Conscious Traveling: Connecting Tourists to the True Culture of Rio Slums
It’s seductive. Jagged, vertiginous peaks nestle arced beaches that wash up at the feet of bronzed deities. Electric percussion vibrates the balmy night air, rippling in your cachaça, lime, and sugar cocktail. I couldn’t help but be mesmerized when I first visited Rio de Janeiro. No city landscape is so dramatic, no culture so effervescent.
But, the hypnosis waned when my gringo bubble of sightseeing and hostels teeming with partying foreigners became impermeable. Even though I had learned Portuguese to survive in an English-less country, I was missing so much. I longed to be a part of the culture and meaningfully bond with Brazilians, so I resolved to return.
The next time I had to stray beyond Copacabana to stumble upon what I sought—and it was in the least likely place. The color-dotted hillside of 300,000 inhabitants jutted out at me, overwhelming and intimidating. There was Rocinha, Latin America’s largest favela, an originally informal settlement that has transformed into a bustling community.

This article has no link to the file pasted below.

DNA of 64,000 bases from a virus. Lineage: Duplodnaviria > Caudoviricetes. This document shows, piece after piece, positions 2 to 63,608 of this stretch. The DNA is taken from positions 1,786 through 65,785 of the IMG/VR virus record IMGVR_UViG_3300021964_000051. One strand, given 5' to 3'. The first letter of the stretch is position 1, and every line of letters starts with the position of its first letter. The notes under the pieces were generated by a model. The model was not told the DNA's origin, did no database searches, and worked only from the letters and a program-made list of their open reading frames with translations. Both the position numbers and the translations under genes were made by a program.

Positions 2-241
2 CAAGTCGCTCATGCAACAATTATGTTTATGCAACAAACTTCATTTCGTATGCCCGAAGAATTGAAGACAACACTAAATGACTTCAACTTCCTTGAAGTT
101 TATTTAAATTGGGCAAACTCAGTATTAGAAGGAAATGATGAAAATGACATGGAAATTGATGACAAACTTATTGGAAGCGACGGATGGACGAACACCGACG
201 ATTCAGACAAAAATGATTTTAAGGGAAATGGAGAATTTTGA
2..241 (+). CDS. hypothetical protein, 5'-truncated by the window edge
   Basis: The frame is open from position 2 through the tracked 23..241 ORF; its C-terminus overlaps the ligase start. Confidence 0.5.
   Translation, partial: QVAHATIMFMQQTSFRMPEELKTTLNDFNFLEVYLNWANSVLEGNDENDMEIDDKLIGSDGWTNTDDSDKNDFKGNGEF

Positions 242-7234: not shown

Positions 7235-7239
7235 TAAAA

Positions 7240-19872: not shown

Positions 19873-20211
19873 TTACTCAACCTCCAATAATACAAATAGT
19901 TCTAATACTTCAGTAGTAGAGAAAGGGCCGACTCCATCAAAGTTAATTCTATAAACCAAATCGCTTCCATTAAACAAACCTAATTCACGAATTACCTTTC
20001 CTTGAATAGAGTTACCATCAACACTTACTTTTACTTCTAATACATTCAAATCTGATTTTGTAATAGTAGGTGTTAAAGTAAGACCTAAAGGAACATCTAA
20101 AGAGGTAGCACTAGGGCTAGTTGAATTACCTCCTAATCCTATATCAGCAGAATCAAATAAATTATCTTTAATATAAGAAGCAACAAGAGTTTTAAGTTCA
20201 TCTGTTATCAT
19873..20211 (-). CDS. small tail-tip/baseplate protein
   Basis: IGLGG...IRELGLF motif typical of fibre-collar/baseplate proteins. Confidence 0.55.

I wasn’t ignorant of the violent and poor reputation favelas have from “City of God,” “Elite Squad,” and other media. In fact, I’d swiftly rejected an invitation to Rocinha during my initial trip to Rio. Quickly, I realized my mistake during the two-minute motorcycle taxi ride into the favela. The energy inside was palpable. Baile funk music thumped from apartment windows; savory feijoada stew aromas wafted into my nostrils; graffiti painted a history of resilience.
Meeting Zezinho, my contact in Rocinha, fascinated me as he explained how his Favela Adventures shows visitors favela reality through the eyes of local guides while investing its profits in a free, DJ school for favela youth. The $20,000 of top-of-the-line equipment used nightly by groups of young adults in the bedroom of his tiny apartment was transparent proof of his impact. Surprising was that the model was so uncharacteristic of what I’d read about favela tours, usually framed as “poverty safaris” run by outsiders with little benefit for the communities.